The godless in heart harbor resentment. Job 36:13

Heavenly Father, this one little verse is bringing big conviction this morning. I confess the ease with which I can generate feelings of resentment, toward people, inanimate things, and circumstances.

Whether it’s wrinkleless shirts that wrinkle, or slow drivers in the left lane; overcooked steaks, or underprepared sermons; fish that take my bait, or people who can’t take a hint; worship leaders who talk too much, or people who never say “thank you”—no matter the provocation, resentment never helps the situation.

To harbor resentment is nothing short of harboring a criminal. For resentment is bent on illegal activity: Stealing peace and vandalizing sleep, robbing relationships and killing kindness, spewing toxins and murdering hope—to name a few of resentment’s crimes. There’s no greater waste of energy than resentment.

But worst of all, Father, resentment contradicts how you relate to us in Jesus. If anyone has a right to hold a grudge, to keep a record of wrongs done—to rehearse and remember our sins against us, it is you.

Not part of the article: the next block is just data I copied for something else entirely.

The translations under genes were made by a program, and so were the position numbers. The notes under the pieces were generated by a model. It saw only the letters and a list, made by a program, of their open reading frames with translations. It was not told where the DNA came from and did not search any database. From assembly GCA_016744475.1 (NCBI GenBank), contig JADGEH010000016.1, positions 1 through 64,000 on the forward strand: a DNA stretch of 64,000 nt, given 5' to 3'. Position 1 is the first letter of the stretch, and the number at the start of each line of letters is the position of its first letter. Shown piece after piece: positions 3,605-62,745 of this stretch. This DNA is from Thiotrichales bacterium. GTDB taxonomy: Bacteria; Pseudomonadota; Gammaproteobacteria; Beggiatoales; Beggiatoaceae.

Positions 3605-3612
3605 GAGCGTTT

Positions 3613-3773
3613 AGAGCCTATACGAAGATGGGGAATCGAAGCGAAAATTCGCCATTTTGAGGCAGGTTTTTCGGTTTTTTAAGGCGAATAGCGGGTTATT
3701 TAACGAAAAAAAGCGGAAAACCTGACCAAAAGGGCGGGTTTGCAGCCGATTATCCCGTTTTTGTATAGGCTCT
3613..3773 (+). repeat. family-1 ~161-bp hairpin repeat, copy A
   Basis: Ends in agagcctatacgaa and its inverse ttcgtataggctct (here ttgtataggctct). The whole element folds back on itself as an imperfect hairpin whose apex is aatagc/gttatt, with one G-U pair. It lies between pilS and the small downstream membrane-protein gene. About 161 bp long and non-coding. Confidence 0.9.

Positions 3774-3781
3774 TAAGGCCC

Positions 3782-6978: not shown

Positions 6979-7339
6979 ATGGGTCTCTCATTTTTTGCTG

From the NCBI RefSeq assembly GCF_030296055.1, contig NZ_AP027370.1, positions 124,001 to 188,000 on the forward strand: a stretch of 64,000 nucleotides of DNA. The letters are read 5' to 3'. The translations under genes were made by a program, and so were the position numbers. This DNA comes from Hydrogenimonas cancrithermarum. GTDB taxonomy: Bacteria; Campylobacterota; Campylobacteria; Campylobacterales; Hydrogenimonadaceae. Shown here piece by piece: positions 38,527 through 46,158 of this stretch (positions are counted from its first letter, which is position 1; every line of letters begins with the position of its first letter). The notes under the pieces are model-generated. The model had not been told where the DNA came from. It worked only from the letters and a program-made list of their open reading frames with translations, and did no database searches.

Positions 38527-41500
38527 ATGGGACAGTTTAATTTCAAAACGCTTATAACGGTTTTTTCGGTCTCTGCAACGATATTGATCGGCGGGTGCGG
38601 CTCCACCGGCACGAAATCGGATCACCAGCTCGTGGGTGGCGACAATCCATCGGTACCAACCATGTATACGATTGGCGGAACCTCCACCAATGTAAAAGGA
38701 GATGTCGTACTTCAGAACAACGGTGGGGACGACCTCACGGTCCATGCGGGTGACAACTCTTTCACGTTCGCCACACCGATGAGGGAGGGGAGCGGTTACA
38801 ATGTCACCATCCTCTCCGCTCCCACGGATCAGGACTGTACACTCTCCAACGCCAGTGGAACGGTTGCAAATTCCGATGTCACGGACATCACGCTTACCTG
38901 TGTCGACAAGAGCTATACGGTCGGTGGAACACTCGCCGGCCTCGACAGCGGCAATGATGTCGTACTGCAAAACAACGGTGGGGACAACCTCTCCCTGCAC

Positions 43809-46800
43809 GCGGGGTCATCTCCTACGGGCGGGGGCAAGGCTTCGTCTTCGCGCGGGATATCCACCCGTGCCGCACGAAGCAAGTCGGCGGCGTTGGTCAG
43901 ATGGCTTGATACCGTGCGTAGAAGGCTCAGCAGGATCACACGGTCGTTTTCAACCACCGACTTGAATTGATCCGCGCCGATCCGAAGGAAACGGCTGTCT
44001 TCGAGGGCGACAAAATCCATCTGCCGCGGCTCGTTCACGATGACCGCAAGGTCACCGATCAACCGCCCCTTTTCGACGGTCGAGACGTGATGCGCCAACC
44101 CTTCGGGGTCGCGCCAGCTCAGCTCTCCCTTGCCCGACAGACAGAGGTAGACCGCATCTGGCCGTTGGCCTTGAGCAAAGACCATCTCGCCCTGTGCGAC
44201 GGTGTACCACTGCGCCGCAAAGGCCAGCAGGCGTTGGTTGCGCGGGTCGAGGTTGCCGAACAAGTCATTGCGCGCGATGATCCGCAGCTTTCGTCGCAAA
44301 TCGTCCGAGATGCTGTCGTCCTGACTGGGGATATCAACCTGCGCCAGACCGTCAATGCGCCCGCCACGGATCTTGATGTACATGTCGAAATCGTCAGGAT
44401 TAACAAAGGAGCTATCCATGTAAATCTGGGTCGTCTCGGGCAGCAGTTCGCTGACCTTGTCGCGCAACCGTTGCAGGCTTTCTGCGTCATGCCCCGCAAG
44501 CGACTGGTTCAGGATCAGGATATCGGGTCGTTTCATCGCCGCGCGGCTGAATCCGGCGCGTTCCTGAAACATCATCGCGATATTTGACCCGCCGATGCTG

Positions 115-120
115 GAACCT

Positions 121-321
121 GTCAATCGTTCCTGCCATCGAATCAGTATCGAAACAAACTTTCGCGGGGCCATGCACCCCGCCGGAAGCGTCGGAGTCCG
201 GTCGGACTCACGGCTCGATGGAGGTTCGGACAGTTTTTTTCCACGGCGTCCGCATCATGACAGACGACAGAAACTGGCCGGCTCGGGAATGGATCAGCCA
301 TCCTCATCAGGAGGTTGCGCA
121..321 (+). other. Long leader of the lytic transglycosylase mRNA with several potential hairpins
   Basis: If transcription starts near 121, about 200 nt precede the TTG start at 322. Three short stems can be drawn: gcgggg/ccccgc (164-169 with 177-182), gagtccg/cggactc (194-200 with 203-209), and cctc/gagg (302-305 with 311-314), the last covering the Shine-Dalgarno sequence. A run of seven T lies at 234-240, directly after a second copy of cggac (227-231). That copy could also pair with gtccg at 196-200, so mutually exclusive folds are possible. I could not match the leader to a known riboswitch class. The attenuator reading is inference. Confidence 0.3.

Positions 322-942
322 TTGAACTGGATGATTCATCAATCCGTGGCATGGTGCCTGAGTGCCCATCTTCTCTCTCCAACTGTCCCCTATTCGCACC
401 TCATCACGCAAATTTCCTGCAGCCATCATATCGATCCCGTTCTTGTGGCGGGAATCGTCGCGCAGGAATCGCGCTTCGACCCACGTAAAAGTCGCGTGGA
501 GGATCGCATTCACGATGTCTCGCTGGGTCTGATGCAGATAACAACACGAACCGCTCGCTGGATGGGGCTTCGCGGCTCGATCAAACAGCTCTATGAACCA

But you don’t treat us as our sins deserve, or repay us according to our iniquities. For as high as the heavens are above the earth, so great is your love for those who fear you; as far as the east is from the west, that’s how far you’ve removed our transgressions from us. You’re the Father who has compassion on us as your children (Ps. 103:10–13). You show us neither vexation of spirit nor exasperation of heart, so great is your love for us in Jesus.

So Father, by the love that sent Jesus to the cross and by the power that raised him from the dead, continue to heal and change me, and my friends in this daily prayer community. We don’t want to be “godless in heart,” but grace-full in heart. We want to be free even from resenting other people’s resentment. So very Amen we pray, in Jesus’ wonderful and merciful name.